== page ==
Pet Vet: Spaniel’s overzealous cleaning worries owner

October 10, 2016

Fran takes care of Ellie, a 4-year-old springer spaniel with a somewhat embarrassing problem — at least for Fran. It seems that over the past few months Ellie has been paying a lot of attention to the area around her vulva. She spends an inordinate amount of time licking and the skin in that location is very reddened.

In the past, Ellie has been treated with antibiotics prescribed by her veterinarian, which has caused improvement, but upon completion of the antibiotic coarse, the problem returns. Ellie appears to be very uncomfortable and Fran wants to help.

Dogs have the ability to reach their perivulvar area with their tongues and do so on a regular basis as part of their hygiene routine. When this cleaning behavior becomes excessive, it can indicate an underlying problem.

Sometimes, overzealous cleaning behavior itself can cause a problem. The area around the vulva actually consists of a fold of skin with the vulva protruding from the middle of the fold. If a dog grooms the area in even a normal amount, the moisture from the mouth can, along with the warmth and lack of air circulation, make a ripe environment for bacteria or yeast to colonize. This condition then creates irritation, which leads to more licking, which leads to more irritation, which leads to more licking which … I think the picture is clear. It is often quite difficult to figure out which came first, a primary perivulvar infection in the face of normal grooming or an infection secondary to increased grooming behavior.

There are predisposing conditions that can make dogs much more prone to developing perivulvar infections. There is a condition called immature vulva in which the vulva does not fully develop, leaving a small vulva tucked deeply into the perivulvar folds. This creates deeper than normal folds that collect moisture and warmth, again lacking air circulation, and presto, a recipe for infection.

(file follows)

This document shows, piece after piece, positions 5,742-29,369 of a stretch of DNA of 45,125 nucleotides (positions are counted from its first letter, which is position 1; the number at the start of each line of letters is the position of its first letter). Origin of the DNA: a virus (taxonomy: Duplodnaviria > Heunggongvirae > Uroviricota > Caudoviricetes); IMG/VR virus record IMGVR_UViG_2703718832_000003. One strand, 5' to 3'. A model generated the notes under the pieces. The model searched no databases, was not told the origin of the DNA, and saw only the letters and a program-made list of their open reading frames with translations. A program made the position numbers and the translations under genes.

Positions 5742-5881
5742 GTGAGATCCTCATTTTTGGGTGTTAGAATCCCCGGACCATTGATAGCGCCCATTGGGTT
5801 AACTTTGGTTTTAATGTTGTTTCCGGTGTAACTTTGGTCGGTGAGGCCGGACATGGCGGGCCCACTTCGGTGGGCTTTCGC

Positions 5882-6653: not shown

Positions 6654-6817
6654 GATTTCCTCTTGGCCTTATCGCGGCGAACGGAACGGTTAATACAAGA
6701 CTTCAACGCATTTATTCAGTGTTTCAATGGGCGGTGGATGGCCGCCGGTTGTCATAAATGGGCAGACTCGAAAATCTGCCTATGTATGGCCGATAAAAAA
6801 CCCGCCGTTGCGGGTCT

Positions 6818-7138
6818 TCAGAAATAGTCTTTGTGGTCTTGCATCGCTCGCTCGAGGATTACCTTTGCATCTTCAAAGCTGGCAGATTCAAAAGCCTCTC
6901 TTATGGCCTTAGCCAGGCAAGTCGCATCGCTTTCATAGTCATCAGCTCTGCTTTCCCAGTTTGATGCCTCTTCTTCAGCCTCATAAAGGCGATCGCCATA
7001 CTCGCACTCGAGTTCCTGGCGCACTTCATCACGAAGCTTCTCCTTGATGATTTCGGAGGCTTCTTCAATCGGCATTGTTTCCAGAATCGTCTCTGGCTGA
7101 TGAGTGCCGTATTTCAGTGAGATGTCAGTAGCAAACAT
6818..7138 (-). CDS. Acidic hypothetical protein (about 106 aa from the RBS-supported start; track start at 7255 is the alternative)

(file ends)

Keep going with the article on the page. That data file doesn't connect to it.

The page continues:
Obesity can lead to increased depth to the perivulvar folds as fat accumulates in the skin around the vulva, pushing it out and therefore deepening the folds. The result, the same as with immature vulva, a ripe environment is created for bacterial or fungal colonization. This condition can often be eliminated by eliminating the weight problem.

Often these cases cannot be truly cured with the use of antibiotics to combat the bacteria. Certainly, antibiotics can and usually are necessary when bacteria are involved; however, when there is a conformational problem such as immature vulva or obesity, all the antibiotics in the world will not cure the problem until the underlying condition is eliminated.

With cases of immature vulva, there is a surgical procedure called an episioplasty which will eliminate the folds. This surgery is also effective in cases in which a chronic infection in the perivulvar can not be eliminated even though the conformation in the vulvar area is considered normal. The surgery can serve to exteriorize the vulva, further removing the folds and allowing for increased air circulation, resulting in an elimination of the ripe bacterial environment.

One point I would like to make concerning these types of cases is the importance of culturing the area around the vulva. It is necessary to know what type of bacteria has colonized the perivulvar folds and what antibiotic(s) work best against it. Regardless of whether the infection is primary or due to a conformational problem requiring surgery, antibiotics are always needed when bacteria are involved and it is appropriate to pick the best one to use.

A final note is to make sure to rule out a urinary tract problem such as an infection. A urinary tract infection can, when the dog urinates, seed bacteria into the perivulvar folds and set up an infection there as well.

Obviously, this condition irritating Ellie requires further investigation by her veterinarian. I am confident that once the true underlying cause is exposed, a cure can be found.




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